Anyway, Randy's post bounces off my post about the new Clint Eastwood movie "Gran Torino." He writes that the character Walt Kowalski is basically the same as Harry Callahan ("Dirty Harry"):
[I]n Gran Torino he treats the character with complete respect--without a hint of self-parody--thereby respecting and satisfying those who always liked the character. Anyone who enjoyed this character then, like Ann ("a guilty pleasure for us peace-and-love hippies"), will enjoy him now all the more. The big difference is the critical hype that Eastwood gets today, that he never got back then, thus permitting those who despised Harry to buy Walt. OK, I admit that Eastwood has grown over the years as an actor though, like John Wayne, he was always far better than the critics would admit.Do you remember back when Pauline Kael was reviewing movies and she deplored Dirty Harry for his "fascism"? I can't find her old review on line, but I did find this 2005 article by Christopher Orr which reads "Million Dollar Baby" as Eastwood's attempt "to make amends for his early career, when he became famous as the vengeful loner, the angel of violent retribution, the Man with a Gun":
Eastwood is the rare artist who has gone from being condemned as a fascist propagandist by the left to being condemned as a fascist propagandist by the right. The former charge was leveled in 1971, when the New Yorker's Pauline Kael described "Dirty Harry" as "fascist medievalism"; the latter, earlier this month, when Ted Baehr, the head of the Christian Film and Television Commission, declared "Million Dollar Baby" to be a "neo-Nazi movie." The particulars of the accusations have little in common: Kael was objecting to "Dirty Harry's" enthusiasm for vigilante justice, Baehr to "Million Dollar Baby's" perceived support of euthanasia....Or maybe he's a libertarian!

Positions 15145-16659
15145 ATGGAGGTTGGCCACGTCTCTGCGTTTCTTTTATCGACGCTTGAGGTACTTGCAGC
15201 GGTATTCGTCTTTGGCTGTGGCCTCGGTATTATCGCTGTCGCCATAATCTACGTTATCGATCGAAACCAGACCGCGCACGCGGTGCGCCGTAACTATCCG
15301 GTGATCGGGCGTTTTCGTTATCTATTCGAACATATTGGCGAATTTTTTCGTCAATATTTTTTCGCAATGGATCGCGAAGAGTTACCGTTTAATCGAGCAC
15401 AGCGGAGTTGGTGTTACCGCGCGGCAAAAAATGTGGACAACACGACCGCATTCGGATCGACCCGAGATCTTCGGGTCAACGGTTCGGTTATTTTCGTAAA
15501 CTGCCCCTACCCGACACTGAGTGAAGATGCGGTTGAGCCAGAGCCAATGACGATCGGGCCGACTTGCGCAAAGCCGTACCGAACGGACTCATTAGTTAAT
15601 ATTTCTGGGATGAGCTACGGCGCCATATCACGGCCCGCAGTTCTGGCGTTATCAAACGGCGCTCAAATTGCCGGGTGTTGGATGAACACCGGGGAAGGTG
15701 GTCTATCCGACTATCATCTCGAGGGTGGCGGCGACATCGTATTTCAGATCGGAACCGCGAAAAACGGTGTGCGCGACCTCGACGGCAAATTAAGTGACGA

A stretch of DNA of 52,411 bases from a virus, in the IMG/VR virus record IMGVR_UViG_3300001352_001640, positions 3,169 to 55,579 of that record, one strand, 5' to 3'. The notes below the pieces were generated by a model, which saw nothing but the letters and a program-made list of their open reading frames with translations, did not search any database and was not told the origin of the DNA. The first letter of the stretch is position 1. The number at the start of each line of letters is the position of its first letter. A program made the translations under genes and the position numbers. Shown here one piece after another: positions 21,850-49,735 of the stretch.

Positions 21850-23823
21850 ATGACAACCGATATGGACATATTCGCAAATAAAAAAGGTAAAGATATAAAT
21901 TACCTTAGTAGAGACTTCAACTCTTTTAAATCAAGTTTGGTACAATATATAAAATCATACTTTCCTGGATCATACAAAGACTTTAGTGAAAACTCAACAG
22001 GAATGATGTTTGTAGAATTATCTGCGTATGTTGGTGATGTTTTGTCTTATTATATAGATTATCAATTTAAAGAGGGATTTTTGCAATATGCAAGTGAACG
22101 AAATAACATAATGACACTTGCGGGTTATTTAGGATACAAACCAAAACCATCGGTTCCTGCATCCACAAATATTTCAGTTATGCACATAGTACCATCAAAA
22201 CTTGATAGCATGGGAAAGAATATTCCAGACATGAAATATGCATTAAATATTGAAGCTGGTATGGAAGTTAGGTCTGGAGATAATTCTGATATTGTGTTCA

[W]hile it's true that Eastwood's work, as an actor and especially as a director, has espoused a vague political philosophy -- and one that has evolved over time -- it has never been nearly as programmatic as either his admirers or his detractors imagine. The films he made early in his career were never as "conservative" as their reputation, and even his most prominent revisionist works -- "Unforgiven," "Mystic River" and "Million Dollar Baby" -- are not as "liberal" as theirs. Both the fascist medievalist of the 1970s and the neo-Nazi eugenicist of today have been largely the projections of his accusers' own political nightmares.
IN THE COMMENTS: Chuck b. writes:
Clint Eastwood should play Tim Gunn in the movie version of Project Runway. He can sing too, so make it a musical.
"That's a lot of look. Make my day!"
"I'm not sure about this marabou trim. Don't bore Nina." [pulls back his jacket to reveal holstered Colt .45]
"In this world there's two kinds of people, my friend. Those with loaded guns, and those who pick carefully and wisely from the Blue-fly accessories wall."
"I know what you're thinking. Do you need six zippers on that pleather skirt, or only five?"